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EMBRACE study takes aim at preventing strokes

December 26, 2011

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Someone dies or is disabled by stroke every 10 minutes in Canada, but Dr. David Gladstone, director of the Regional Stroke Prevention Clinic at Sunnybrook, wants to help reduce these numbers.

The EMBRACE study is currently underway to test an advanced cardiac monitoring system, and aims to improve detection of atrial fibrillation, which is a major risk factor for stroke.

Atrial fibrillation is an irregular beating of the upper chambers of the heart, which can lead to blood clot formation and severe strokes. While some people may have symptoms like heart palpitations, dizziness or chest pains, many do not have any symptoms of atrial fibrillation. The risk for developing the condition increases with age — it affects one in 10 people over the age of 80.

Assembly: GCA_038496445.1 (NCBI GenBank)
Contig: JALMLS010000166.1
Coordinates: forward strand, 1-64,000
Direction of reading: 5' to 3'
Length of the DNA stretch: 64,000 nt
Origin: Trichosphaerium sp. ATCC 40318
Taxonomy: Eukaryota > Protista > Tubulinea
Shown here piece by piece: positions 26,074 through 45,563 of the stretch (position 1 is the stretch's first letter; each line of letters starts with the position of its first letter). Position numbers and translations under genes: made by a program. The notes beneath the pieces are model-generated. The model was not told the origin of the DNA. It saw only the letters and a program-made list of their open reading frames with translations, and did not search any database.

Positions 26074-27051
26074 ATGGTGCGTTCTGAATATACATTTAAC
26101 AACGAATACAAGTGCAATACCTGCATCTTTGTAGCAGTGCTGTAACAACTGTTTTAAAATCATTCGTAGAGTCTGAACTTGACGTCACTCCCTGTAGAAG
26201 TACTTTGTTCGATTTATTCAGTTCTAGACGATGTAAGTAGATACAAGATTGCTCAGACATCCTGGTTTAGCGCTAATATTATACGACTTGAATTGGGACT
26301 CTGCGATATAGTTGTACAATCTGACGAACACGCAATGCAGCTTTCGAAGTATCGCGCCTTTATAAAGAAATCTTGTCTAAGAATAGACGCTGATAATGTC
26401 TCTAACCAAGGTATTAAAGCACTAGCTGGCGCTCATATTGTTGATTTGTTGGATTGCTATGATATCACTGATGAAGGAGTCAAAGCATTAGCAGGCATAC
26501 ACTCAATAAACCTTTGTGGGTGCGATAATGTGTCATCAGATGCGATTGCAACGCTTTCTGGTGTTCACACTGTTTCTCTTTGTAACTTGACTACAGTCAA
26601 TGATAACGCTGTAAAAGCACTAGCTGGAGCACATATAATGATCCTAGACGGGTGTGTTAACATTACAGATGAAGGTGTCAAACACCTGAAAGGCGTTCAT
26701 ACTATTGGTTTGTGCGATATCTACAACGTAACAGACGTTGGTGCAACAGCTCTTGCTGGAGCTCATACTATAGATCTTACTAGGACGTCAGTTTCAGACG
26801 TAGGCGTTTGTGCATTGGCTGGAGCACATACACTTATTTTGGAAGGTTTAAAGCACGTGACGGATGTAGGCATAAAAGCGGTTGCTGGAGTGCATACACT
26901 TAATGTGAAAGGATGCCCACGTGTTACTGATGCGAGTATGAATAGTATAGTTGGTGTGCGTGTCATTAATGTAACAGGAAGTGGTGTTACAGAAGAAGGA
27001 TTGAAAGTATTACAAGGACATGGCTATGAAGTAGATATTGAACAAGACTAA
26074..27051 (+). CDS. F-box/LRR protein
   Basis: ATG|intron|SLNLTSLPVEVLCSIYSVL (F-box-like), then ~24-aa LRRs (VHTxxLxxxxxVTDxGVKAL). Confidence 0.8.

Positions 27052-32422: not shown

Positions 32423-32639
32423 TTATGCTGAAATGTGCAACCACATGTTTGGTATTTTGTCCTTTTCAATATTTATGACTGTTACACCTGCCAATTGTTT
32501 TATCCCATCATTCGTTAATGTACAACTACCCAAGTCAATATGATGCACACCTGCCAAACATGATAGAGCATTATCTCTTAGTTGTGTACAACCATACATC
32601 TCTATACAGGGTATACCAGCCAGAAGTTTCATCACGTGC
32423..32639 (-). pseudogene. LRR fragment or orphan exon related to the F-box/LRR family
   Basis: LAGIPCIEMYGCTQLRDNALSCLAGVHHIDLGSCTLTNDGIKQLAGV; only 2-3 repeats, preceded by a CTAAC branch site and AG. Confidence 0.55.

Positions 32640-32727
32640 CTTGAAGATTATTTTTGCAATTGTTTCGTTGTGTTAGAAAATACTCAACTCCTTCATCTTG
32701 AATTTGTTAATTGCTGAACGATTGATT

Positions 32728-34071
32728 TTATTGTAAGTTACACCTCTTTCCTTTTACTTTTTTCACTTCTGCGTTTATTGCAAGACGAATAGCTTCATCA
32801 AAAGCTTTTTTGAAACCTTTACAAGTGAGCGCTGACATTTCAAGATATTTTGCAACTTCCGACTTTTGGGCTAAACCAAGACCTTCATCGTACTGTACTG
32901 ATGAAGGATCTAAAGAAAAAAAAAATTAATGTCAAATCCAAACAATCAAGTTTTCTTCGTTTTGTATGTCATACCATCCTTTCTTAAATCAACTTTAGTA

This groundbreaking study aims to be the first randomized trial to test a newly developed cardiac monitoring belt for stroke patients. A dry-electrode chest strap monitors heart rhythm for 30 days. Nearly 500 patients in 18 hospitals across Canada have enrolled in the study to date. Early results are anticipated in late 2012.

Improving the early detection of atrial fibrillation is an important step in preventing strokes. "If we find that prolonged heart monitoring results in improved diagnosis and treatment, this approach could become a new standard of care across hospitals worldwide," says Gladstone, who is also assistant professor, division of neurology at the University of Toronto.

Gladstone's research is funded in part by a Clinician-Scientist Award from the Heart and Stroke Foundation of Ontario, and the EMBRACE trial is being funded by a grant from the Canadian Stroke Network